Tuesday, August 20, 2013

Why Facebook can't pay the bounty -- but should anyway

There's two sides to every story. There's more to the story of Facebook's snub of Khalil Shreateh, the security researcher who found a bug in the Facebook.

Firstly, it's not necessarily Facebook's fault that they failed to recognize the bug. Researchers, especially non English speakers, have horrible communication skills. They might have the best bug in the world but their description of it can be incomprehensible. That Kalils's emails were rejected is more likely Kalil's fault rather than Facebooks.

The situation is complicated, though. On one hand, companies like Facebook go through stages of "denial" where they look for reasons to ignore bugs, even when they have a bounty program, maybe especially because they have a bounty program. On the other hand, researchers tend to be passive aggressive. They want the company to reject their bug report, to help justify their world-view that companies are evil. Therefore, researchers often do the least possible to report a bug, in order to ensure that things get messed up.

In other words, both sides work toward maximum misunderstanding. When things go awry, it's hard to figure out who is to blame.

That Kalil then used the bug to hack the Zuck's account causes a legal problem. Technically, it's a violation of the law. That means Facebook cannot reward such behavior, even if they wanted to: their own lawyers won't let them. (h/t @cipherlaw). No matter who was at fault in the original misunderstanding, Facebook still can't pay the bounty.

But, Facebook has a principle they call the "Hacker's Way". A key feature of this Way is that "code wins arguments". That's just what Kalil did -- his English skills sucked, his coding skills rocked, and it's his code that won the argument. Not paying the bounty might be the proper thing to do from a legal perspective, but by repudiating what Facebook stands for.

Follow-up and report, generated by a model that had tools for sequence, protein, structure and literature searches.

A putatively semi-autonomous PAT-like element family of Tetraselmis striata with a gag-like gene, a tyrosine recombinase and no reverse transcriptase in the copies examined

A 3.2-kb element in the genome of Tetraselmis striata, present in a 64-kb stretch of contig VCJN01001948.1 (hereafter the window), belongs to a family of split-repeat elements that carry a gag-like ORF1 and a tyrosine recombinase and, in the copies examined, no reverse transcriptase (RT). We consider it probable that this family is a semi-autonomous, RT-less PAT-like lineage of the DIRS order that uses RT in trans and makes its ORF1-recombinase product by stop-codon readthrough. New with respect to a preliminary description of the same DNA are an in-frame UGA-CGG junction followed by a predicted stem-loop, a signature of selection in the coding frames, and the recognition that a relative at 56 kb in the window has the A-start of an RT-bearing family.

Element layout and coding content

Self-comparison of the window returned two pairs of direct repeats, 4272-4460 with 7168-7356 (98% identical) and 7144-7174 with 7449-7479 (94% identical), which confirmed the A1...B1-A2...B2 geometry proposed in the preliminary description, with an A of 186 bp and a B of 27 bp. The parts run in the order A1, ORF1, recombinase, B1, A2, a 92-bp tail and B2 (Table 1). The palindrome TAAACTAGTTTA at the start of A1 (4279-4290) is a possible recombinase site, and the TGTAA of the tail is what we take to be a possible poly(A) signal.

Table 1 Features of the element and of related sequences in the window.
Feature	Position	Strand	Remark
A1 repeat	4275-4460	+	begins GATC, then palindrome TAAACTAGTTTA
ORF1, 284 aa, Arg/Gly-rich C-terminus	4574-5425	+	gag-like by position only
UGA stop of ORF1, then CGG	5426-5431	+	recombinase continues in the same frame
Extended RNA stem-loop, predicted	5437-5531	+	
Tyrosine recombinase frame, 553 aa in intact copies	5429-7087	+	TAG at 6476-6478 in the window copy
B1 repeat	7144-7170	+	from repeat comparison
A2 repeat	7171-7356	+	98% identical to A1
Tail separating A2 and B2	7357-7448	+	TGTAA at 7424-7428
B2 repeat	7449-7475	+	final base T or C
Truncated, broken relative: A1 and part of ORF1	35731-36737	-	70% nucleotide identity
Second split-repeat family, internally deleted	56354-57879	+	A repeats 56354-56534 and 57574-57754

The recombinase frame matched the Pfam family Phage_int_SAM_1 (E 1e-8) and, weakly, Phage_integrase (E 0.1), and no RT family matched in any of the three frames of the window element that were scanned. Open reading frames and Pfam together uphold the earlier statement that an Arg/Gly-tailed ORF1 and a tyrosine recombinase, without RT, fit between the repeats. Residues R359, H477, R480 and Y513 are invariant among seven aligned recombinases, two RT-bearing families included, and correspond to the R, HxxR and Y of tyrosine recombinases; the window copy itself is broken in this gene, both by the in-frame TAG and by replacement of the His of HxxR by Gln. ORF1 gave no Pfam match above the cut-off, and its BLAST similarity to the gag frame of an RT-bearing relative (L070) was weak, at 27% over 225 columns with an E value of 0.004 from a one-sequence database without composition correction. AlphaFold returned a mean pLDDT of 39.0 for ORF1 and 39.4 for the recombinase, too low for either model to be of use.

I mention "principles" a lot on this blog. Principles mean nothing when the going is easy, what matters is when the going gets tough. Standing up for your principles, even in the face of difficulty, is what proves what you actually stand for. Either Facebook stands behind the Hacker's Way or they don't. The proper question for the lawyers isn't "should we reward Kalil" but "how can we reward Kalil".

1 comment:

lttg said...

« Researchers, especially non English speakers, have horrible communication skills. »

Just one thing: maybe non English researchers have horrible communication skills... But I think it is simplistic.

A multinational company like Facebook should be able to read technical messages in other languages​​. Especially when the service is available in this language...